Entries Tagged 'Self Employed' ↓

A Method to Validate Your Business Idea

In this episode I break down a method I use to validate business ideas and then determine whether to move forward with development or ditch the idea.

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You only need a few customers to be successful

If you think about the numbers, you realize you don’t need that many customers to be successful.  Many people are seeking to get loads of traffic and huge list.  The problem is they are focused so much on growing their traffic and list that they miss the point of taking care of a small number of customers and then iterating.

Your focus from the beginning should be to find a person that wants what you are selling and is willing to pay for it.  If you can’t accomplish this with one person, what makes you think it will happen when you have many people coming to your site or on your list.  Now, I am not saying that more eyeballs looking at your offer won’t produce sales, but what will be the cost of acquiring those sales.  Will you have to write twenty blog post, spend $200 on ads, or follow 1000 people to make each sale?  Will it take you a day, a month, or even a year to get to a sale?  Will you be able to sell at all?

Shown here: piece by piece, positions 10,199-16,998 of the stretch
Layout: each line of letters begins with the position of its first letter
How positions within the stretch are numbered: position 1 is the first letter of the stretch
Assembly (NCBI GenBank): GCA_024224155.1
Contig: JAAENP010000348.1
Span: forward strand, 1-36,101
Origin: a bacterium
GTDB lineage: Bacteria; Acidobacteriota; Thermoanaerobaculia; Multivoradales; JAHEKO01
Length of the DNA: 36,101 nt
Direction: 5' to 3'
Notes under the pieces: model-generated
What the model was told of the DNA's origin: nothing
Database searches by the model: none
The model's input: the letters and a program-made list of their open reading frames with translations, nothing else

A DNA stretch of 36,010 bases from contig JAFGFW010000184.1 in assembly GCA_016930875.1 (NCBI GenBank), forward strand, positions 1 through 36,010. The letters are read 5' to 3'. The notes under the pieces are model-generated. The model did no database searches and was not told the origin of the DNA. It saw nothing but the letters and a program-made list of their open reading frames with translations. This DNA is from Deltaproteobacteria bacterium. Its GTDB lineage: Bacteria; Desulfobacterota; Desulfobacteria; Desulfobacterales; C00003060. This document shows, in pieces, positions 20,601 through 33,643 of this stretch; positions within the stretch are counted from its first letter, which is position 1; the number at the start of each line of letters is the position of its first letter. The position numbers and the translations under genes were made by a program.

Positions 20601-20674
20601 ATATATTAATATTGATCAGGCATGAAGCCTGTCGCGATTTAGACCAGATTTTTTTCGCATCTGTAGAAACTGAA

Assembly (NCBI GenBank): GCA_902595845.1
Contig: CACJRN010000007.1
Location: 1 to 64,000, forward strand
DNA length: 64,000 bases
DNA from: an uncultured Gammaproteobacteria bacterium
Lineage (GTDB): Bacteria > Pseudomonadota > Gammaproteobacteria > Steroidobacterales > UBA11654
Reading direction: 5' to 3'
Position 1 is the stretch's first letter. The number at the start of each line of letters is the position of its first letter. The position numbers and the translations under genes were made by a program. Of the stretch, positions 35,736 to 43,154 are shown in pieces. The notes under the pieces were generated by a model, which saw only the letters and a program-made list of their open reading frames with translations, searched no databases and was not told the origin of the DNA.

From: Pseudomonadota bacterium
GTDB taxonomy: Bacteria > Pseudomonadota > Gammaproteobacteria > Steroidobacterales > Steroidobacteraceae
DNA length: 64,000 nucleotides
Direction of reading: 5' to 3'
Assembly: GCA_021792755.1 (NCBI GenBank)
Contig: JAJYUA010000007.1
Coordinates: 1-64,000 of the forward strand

It is far better to answer these questions at the beginning of your venture.  Taking what you believe will make you successful and potential customers happy, building a rudamentay product, and getting actual sales, will prove whether you can be successful and in what time frame it can be accomplished.

I am speaking from experience.  I have build a lot of things I thought everyone would come running to and pay me money for.  The worst being the five years I spent developing a restaurant menu and recipe website that was suppose to shock the world.  It wasn’t until I finally decided to give it up that I realized this type of website was the model of what not to do.  The crazy thing is I was reading about the very stuff this article is about and I just kept right on down the path of failure.

Don’t be the guy who takes years or months to figure out if your idea is a failure.  If you think being bullheaded and going against the grain is a top characteristics of successful entrepreneurs, you are half wrong.  Yes, you have to go against Aunt Sally who says you are crazy for trying to start a business when you should stick to a real job, but you can’t go against your market.  They have to want what you are selling.  They may not know they want it because they don’t have it yet, but they have to want it and want to pay for it once they are presented with it.